I don’t think this approach to IF map design is optimal. A few non-essential rooms here and there can be a good thing, fleshing out the landscape and making the world feel a bit more whole. On the other hand, when the majority of the map seems to be made of non-essential rooms, something is a little out of balance. This happened to me on my first game — I had a puzzle planned out that would require a sandy beach, and it made sense to have several beach locations. In the end I cut the puzzle, but couldn’t quite bear to cut all the locations. Not only had I toiled to produce them, I thought they gave the landscape a greater sense of completeness. Of course, the game was rightly criticized for having a lot of filler rooms, and I learned my first lesson in the importance of pruning. (And judging from the length of this review, I still have quite a few lessons to go in that particular curriculum.) If I were writing that game today, I’d let my descriptions and transitions do a bit more of the space-establishing work, and I’d be less afraid to get rid of things that didn’t really serve the game except as decoration. I can’t help but feel that such an approach would have benefited OAF greatly as well.

Another strangeness about the maps is how gridlike they feel. The game contains several large landscapes, and in most of them, only movement in the cardinal directions is allowed, even though there are no logical barriers to diagonal movement. The locations are apparently evenly spaced from one another, despite the fact that they may represent radical shifts in landscape, so that a beautiful forest might nestle up against a blasted heath, with no apparent transition between the two. The result is that the setting has a very mechanical, unnatural feel, a feel that repeatedly reminds us that we are playing a game rather than traversing a real landscape. Again, whether this works is a matter of context — the grid layout might be great for a science-fiction game where the landscape is supposed to seem rigid and mechanical, but it doesn’t do justice to OAF‘s more natural, outdoorsy setting. There are a few areas in which the map is laid out in a fun, clever way, but these are almost always in the service of a puzzle.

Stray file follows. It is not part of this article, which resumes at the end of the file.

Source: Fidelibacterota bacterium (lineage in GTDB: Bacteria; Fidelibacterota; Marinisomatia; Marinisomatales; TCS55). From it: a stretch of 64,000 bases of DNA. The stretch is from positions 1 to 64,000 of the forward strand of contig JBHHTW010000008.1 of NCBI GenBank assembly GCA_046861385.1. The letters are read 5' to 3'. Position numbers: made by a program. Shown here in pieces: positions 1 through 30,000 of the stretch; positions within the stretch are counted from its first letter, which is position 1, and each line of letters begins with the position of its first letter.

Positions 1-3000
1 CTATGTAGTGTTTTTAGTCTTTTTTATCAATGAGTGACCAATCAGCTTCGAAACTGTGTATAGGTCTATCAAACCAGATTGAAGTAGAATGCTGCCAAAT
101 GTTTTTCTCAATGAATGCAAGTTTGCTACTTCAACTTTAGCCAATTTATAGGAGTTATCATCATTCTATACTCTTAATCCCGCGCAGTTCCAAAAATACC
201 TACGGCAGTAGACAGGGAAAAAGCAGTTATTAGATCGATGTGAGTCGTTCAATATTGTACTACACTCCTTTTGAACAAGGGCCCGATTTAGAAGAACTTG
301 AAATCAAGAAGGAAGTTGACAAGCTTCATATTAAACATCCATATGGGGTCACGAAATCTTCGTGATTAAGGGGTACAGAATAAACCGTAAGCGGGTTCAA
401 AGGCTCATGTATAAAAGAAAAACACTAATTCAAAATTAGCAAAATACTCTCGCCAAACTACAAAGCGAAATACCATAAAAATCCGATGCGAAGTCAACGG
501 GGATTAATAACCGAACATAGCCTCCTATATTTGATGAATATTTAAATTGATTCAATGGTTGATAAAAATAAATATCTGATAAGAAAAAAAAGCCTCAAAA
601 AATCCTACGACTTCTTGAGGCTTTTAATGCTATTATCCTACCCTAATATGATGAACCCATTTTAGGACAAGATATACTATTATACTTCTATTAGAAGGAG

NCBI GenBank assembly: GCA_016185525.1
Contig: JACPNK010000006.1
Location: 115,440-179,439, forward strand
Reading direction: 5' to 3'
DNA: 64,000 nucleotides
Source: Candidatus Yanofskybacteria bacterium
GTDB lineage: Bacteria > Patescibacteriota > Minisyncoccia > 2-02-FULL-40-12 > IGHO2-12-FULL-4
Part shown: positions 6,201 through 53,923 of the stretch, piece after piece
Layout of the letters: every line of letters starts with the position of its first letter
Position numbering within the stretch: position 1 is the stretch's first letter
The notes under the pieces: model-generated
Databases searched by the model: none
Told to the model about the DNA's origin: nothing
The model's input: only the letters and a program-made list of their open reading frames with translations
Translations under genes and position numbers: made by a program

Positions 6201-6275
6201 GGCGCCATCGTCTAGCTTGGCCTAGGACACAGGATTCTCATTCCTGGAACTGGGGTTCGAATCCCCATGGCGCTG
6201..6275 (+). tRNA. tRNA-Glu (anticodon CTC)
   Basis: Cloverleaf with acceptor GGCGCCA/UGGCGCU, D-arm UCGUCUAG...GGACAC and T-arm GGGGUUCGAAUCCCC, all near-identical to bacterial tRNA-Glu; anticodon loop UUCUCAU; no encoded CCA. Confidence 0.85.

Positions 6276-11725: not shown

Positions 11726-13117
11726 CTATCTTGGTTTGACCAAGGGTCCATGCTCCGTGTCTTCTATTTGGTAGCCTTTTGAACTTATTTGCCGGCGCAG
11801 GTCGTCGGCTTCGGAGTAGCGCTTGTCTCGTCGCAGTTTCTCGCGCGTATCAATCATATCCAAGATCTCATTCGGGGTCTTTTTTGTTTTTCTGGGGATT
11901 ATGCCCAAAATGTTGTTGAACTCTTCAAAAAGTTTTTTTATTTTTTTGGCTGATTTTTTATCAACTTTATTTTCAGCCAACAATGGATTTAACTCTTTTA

Aside from its maps, OAF has a number of design successes. The game is fairly open-ended, so that a variety of puzzles are usually available at one time. It combines a Zorkish “wide landscape” with lots of Trinity-esque “little areas” by having lots of separate wide landscapes, which gives the game a chaptered feeling without needing formal divisions. The bottlenecks between these areas tend to work pretty smoothly, though I was hugely frustrated at one point — I failed to obtain an item from one area to solve a puzzle in another one, and wasn’t given another chance to do so, forcing me to restore from quite a ways back. Still, that was the only time that the game closed itself off for me, and given the era from which it originated, that’s not too bad.

The design of the story wasn’t quite so elegant. I mentioned dangling plotlines, and there are quite a few of them. I got to the end of the game, and instead of feeling resolution, I said, “That’s it?” For one thing, that ending inserts a sudden romantic subplot that was utterly unbelievable because it hadn’t been developed at all in any of the rest of the game. Moreover, the conclusion left so many questions unanswered about things that happened elsewhere in the game, it felt quite unsatisfying. For example, at one point you have a friendly kitty accompanying you on your travels. Then, in the process of solving a puzzle, that cat becomes lost, and possibly hurt. And you never find out what’s happened to it, or if it’s OK. Designers, don’t DO this! If your story puts an animal or companion in jeopardy, establish its final status before ending the game! The cat is just one example — there’s also stuff down in the mousehole that seems to imply a story, but the story goes nowhere. Instead, that stuff is just sort of there. The line between subplot and background color is a fine one, and OAF crosses it more than once, I think without realizing it’s done so. Subplots need to be resolved by the time the game ends, or else players end up feeling like I did: cheated.